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McLemore v. Frakes

United States District Court, D. Nebraska

June 4, 2019

MICHAEL EDWIN MCLEMORE, Petitioner,
v.
SCOTT R. FRAKES, Respondent.

          MEMORANDUM AND ORDER

          RICHARD G. KOPF SENIOR UNITED STATES DISTRICT JUDGE

         Petitioner has filed a motion to stay so he may return to state court to present additional evidence of his innocence. The motion has been briefed. I now deny the motion.

         Background

         In 1999, Petitioner was convicted by a jury of the murder of a woman with whom he had a relationship and use of a deadly weapon to commit that felony. The Nebraska Supreme Court later affirmed his conviction and resulting life sentence. State v. McLemore, 623 N.W.2d 315, 322 (Neb. 2001).

         On June 15, 2016, the Nebraska Supreme Court issued a Memorandum Opinion denying Petitioner post-conviction relief. State v. McLemore, No. S-15-218 (Neb. 2016)[1] (filing no. 4-2). On October18, 2018, the Nebraska Supreme Court summarily denied a second post-conviction action filed by the Petitioner. The court observed that there is no Constitutional right to counsel in a Nebraska post-conviction matter and that the action was time-barred. (Filing no. 4-3 at CM/ECF p. 9.)

         The prime witness against Petitioner during the trial was an inmate who was held in the same jail as Petitioner. His name was Willie Martin. The Nebraska Supreme Court recapped Martin's testimony as follow:

Willie Martin, an inmate housed in the same area as McLemore at the Douglas County correctional facility from September 16 to October 10, 1997, testified about conversations Martin had had with McLemore regarding Torres' murder. Martin had been previously convicted of four felonies and had three previous convictions for giving false information.
Martin testified that 2 to 3 days after McLemore's arrival at the facility, McLemore told him that he had been charged with criminal mischief for entering the home of a woman he had been dating and cutting up her furniture. McLemore told Martin that the woman was a real estate agent who had several children. Martin further testified that McLemore stated that one day when it was “pouring down rain, ” McLemore had placed several telephone calls to the woman's house but was unable to reach her. McLemore told Martin that he became angry when he could not reach the woman because he believed that she was with another man.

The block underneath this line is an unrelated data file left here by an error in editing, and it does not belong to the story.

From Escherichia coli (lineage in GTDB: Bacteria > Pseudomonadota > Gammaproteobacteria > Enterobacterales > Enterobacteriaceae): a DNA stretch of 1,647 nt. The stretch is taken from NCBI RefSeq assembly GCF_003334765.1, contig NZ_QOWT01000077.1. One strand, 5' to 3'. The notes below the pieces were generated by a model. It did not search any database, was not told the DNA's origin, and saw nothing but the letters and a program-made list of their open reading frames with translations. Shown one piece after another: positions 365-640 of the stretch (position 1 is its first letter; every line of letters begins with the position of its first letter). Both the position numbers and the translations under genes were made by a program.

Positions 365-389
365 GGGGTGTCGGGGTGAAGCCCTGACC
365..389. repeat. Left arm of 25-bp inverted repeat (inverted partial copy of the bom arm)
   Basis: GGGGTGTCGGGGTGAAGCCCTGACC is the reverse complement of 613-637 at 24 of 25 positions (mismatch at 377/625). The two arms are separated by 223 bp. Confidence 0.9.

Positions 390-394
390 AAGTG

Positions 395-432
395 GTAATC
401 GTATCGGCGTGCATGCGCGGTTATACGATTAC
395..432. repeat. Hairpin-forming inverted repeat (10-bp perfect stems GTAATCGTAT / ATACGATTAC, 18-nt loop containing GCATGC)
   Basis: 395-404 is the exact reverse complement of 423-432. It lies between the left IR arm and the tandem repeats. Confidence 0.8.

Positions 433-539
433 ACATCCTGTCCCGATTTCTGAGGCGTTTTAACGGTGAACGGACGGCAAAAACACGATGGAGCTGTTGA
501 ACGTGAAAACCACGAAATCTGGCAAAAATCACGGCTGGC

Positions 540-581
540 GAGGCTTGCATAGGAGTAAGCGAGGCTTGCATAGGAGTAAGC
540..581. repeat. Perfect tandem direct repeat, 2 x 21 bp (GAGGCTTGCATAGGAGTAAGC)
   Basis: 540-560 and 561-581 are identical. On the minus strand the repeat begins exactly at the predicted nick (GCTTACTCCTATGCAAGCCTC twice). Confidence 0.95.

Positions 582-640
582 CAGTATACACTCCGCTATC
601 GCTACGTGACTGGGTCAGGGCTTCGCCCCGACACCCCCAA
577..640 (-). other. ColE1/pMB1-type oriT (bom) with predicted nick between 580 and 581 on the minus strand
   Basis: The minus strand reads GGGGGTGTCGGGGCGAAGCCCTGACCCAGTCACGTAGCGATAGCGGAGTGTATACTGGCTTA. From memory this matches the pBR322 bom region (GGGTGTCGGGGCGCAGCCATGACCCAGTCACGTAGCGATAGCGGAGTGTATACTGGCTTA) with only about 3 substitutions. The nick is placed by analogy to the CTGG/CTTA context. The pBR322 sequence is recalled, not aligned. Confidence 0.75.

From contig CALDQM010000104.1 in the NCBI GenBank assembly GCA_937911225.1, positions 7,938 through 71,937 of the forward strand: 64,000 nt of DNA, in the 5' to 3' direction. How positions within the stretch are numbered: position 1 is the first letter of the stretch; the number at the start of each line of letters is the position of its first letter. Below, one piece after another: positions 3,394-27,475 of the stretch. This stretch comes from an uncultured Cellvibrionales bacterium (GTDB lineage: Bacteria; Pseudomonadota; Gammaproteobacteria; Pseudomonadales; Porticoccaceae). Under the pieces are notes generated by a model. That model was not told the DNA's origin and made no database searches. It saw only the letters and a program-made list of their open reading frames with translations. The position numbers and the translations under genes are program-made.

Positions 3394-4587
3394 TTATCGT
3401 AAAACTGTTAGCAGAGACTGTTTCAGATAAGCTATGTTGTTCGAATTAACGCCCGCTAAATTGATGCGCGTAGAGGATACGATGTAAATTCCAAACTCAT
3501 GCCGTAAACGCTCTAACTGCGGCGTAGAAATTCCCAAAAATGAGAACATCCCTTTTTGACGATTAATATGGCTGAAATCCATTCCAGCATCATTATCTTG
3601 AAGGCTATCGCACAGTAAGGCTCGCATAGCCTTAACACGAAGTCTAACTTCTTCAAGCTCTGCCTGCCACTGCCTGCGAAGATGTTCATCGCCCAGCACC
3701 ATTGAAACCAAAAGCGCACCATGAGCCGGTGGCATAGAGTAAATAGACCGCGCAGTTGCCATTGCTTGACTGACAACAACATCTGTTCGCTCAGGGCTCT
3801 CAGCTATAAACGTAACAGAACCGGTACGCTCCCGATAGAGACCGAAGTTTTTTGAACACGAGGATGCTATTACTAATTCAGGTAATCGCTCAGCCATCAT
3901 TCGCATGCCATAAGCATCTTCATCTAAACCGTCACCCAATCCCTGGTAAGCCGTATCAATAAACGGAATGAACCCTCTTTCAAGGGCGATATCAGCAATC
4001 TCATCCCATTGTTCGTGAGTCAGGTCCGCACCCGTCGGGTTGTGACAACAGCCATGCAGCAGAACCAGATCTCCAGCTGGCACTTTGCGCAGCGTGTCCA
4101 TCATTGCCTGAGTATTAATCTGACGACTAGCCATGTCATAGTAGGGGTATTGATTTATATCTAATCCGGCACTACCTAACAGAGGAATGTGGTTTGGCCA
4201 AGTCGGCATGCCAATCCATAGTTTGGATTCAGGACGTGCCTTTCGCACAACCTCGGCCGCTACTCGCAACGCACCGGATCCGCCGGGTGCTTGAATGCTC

Martin testified that McLemore stated that he then started walking to the woman's house in the rain and entered the house through an unlocked patio door. Martin testified that McLemore stated that he became angry while waiting for the woman and cut up her furniture with a knife he had brought with him, cutting his finger in the process. McLemore then stated that the woman came home and that a struggle ensued. McLemore told Martin that he forced the woman outside and into her car. Martin testified that McLemore stated that “the bitch kept talking shit so I had to do something to her” and that he and the woman then “drove somewhere” in her car. McLemore told Martin that he “wasn't going to let her walk out of his life” and that he pulled out a knife and cut the woman's throat. McLemore told Martin that he put the woman's body in the trunk of the car and that McLemore knew that his fingerprints were in the car. McLemore stated that he left the car parked in the rain and started walking home, throwing the knife away as he walked. At the time Martin had these conversations with McLemore, the police had not released any information about how Torres had died.
Martin testified that a few days after McLemore told him these things, he saw news reports dealing with Torres' death. At that time, he realized that this was the woman McLemore had been telling him about and contacted the police to give them the information.

McLemore, 623 N.W.2d at 323-324.

         The Attachments to the Motion

         Petitioner's motion (filing no. 8) has two attachments. The first attachment is a copy of a notarized statement of Jessup Smith dated February 20, 2003. (Filing no. 8 at CM/ECF pp. 5-7.) The second document is a partially transcribed taped interview of Willie Martin on December 8, 2018. (Filing no. 8 at CM/ECF pp. 8-45.)

         The Smith statement basically asserts that Smith and Martin fabricated what Martin said at trial. According to Smith, they were able to do so from reports in the news about the facts of the case and what the police told them.

         The interview of Martin purports to be conducted by a private investigator for Petitioner. There is no affidavit attesting to the document's authenticity. Moreover, it is apparent from the text of the transcription that it does not contain the entire interview. Still further, slightly more ...


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